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16 October 2014
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Lough Neagh

The largest freshwater lake in the British Isles, Lough Neagh is situated in the centre of Northern Ireland with five of the Province's six counties touching its shores.

Looking across Lough Neagh to Coney  Island

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Legend has it that the giant Finn McCool, in a fight with a rival giant, scooped up a vast handful of earth so creating Lough Neagh. Finn then threw the handful of earth towards England, but it fell short into the Irish Sea and became the Isle of Man.

Despite its size, Lough Neagh is not that easily accessed or viewed. Its marshy edge means roads seldom follow the lakeshore and you can drive quite close to the lough without seeing it. However, if some motorists have difficulty in locating it, not so millions of baby eels born in the Sargasso Sea, who swim across the Atlantic and find the lough without fail every year.

Vital statistics

Size:     Covers area of 400 sq km (153 sq miles) Approx. 20 miles long and 9 miles wide
Depth:   40-50 ft, except at the north end where there is a narrow gut' over 100 ft.
Origins: Formed by melting of glaciers at the end of the last Ice Age (c 20,000 years ago)

Did you know?

  • The name means the lake of the horse-god Eochu. He was the lord of the underworld, who was supposed to exist beneath its waters.

  • The lough is Europe's greatest source of eels.

  • 6 major rivers flow into the lough, but only one leaves it - the Lower Bann
  • .

  • It is a designated Ramsar site - a wetland of international conservation importance.

  • The level of the lough has been lowered on 4 occasions, the first in 1846 and the last in 1959.
Video Interview:
Watch John Toal's interview with Michael Crossan

Audio interviews

The Your Place & Mine radio team visited the lough in July 2004 for a special programme. Click on the pictures or text below to hear from some of the people they caught up with.

Ardboe cross
Listen to Mary McCann and Canon Moore chatting about Ardboe to YPAM reporters Mary Ferris and Paul Moore.

The sand dredger William James
Listen to Michael Crossan speaking about the sand dredging that goes on in the lough, with John Toal and Marie McStay.

Cyclists on the shores of Lough Neagh
The Lough Shore Trail is very popular with cyclists. Listen to Frank McGrogan and Jo Dixon of Sustran chat about the trail with John Toal.

Lough Neagh Rescue - Kinnego life boat station
Paddy Prunty talks to John Toal about this life saving service.

Bird's eye view of Ram's Island.  Photo taken by Michael Savage.
John Toal is given a tour of Ram's Island, in the company of Thomas Cardwell, Michael Savage and Seamus Burns.

Did you know?

  • Lough Neagh is an important source of water for Belfast.

  • The distance between waves on the lough is very short and this is known locally as the 'three sisters'.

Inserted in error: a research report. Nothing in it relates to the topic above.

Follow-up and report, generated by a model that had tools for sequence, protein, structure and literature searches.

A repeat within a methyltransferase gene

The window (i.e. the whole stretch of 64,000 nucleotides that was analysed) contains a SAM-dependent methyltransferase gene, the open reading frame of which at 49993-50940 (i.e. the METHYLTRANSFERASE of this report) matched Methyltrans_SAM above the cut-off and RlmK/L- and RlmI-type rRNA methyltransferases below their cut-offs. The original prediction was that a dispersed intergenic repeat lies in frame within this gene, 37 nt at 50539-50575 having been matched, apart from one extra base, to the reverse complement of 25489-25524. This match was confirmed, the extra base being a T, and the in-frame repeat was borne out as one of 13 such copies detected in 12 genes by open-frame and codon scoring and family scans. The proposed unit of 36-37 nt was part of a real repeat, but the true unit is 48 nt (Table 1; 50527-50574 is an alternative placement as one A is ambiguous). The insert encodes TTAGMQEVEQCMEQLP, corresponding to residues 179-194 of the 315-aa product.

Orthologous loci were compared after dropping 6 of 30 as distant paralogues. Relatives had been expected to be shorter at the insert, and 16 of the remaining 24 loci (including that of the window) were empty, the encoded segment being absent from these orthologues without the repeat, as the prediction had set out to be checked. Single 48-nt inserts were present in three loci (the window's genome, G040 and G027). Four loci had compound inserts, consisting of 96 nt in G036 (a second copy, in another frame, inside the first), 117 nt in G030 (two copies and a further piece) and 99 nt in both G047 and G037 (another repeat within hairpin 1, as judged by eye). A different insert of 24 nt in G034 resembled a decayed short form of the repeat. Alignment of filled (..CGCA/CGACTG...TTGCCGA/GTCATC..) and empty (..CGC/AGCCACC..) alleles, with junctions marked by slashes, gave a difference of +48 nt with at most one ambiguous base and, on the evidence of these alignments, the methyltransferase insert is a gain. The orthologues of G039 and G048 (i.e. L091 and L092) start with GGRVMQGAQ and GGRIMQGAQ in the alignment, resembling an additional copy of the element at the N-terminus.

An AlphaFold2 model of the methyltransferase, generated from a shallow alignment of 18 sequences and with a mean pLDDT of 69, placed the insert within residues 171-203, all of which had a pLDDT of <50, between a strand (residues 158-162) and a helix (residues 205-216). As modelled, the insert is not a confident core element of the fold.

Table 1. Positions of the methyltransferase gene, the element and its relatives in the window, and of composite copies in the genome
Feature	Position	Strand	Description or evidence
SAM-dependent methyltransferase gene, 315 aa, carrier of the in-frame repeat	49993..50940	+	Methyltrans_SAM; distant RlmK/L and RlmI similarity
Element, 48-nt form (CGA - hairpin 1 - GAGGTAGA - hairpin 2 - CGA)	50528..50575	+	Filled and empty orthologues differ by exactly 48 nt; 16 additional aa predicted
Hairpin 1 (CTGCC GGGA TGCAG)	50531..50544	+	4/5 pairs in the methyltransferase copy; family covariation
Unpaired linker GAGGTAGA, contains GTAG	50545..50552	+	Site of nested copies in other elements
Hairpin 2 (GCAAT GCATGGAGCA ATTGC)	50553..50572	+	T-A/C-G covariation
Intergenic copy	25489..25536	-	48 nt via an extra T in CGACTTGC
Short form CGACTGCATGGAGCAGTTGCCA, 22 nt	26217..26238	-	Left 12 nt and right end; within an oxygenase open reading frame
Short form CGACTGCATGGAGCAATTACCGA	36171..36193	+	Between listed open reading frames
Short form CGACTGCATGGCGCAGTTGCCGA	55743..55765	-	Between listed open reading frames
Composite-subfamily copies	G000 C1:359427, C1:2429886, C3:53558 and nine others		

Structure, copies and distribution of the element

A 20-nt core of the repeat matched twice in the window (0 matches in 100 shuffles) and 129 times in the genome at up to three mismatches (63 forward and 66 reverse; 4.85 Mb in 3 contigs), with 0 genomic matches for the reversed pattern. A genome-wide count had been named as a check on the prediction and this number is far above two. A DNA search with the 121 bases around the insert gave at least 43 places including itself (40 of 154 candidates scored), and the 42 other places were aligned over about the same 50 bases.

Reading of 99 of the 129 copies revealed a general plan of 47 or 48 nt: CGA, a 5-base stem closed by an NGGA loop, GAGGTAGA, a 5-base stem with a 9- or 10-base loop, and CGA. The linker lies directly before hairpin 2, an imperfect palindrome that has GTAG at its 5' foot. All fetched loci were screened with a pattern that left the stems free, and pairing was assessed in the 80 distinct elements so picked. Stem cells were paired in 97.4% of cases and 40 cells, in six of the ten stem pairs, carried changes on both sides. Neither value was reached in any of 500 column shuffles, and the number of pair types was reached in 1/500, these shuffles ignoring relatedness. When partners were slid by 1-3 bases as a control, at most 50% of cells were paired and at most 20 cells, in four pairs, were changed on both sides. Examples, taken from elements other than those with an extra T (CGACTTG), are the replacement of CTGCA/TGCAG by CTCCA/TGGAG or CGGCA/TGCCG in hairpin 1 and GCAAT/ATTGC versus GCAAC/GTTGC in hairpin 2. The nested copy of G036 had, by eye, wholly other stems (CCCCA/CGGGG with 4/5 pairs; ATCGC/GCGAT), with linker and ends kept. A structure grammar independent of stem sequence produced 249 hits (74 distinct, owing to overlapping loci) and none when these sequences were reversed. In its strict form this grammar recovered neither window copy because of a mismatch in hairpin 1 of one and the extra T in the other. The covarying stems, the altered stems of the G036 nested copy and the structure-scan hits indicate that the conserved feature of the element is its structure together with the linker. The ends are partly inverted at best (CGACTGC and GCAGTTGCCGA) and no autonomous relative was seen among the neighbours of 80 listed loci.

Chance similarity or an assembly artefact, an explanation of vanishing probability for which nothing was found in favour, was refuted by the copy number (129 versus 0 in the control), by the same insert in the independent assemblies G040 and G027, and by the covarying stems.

• Waterguns (as the fishermen call them) are booming noises sometimes heard on the lough and are associated with whirlwinds on the surface in sultry weather.

  • Pieces of petrified wood, altered by silica salts in the water, are sometimes washed up on the shore of the lough. They resemble pumicestone and used to be known as Lough Neagh hones and sold as knife and scythe sharpeners.


  • Eels, fresh-water herring (pollan) and dollaghan (salmon-trout) are caught commercially.
    (YPAM reporter Paddy O'Flaherty found out more about dollaghan at Ballinderry during the radio programme's Lough Neagh special. See further up the page to listen to this programme.)

  • The Lough Neagh fly (chironomid midge) may be harmless and non-biting, but when these midges descend in clouds during the spring and summer they can get into everything!!

  • Waterfowl number up to 100,000 in winter.

  • 6% of the world total of whooper swan visit the lough.

  • It has the largest concentration of diving duck in Britain and Ireland.

Useful web links


For basic facts and figures about the lough and its wildlife visit the Lough Neagh and Lower Bann Wetlands website.

Plans are afoot to carry out restoration work on Ram's Island - the River Bann and Lough Neagh Association.

Keep safe while out on the water - read about the Lough Neagh Rescue service that operates on the lough.

Find out more about the Lough Neagh Partnership, which works on initiatives to improve the Lough Neagh area.


Cycle the Lough Neagh region - on the Lough Shore Trail.

Find out more about the Oxford Island National Nature Reserve, including the Lough Neagh Discovery Centre.

Walk through 2 national nature reserves - at Peatlands Country Park.

Soak up some history. These are just a few of the places you could visit - Antrim Castle grounds, Cranfield Church and holy well and Mountjoy Castle.


Websites of local councils whose areas border the lough, provide a useful range of information.

(The BBC is not responsible for the content of external websites.)

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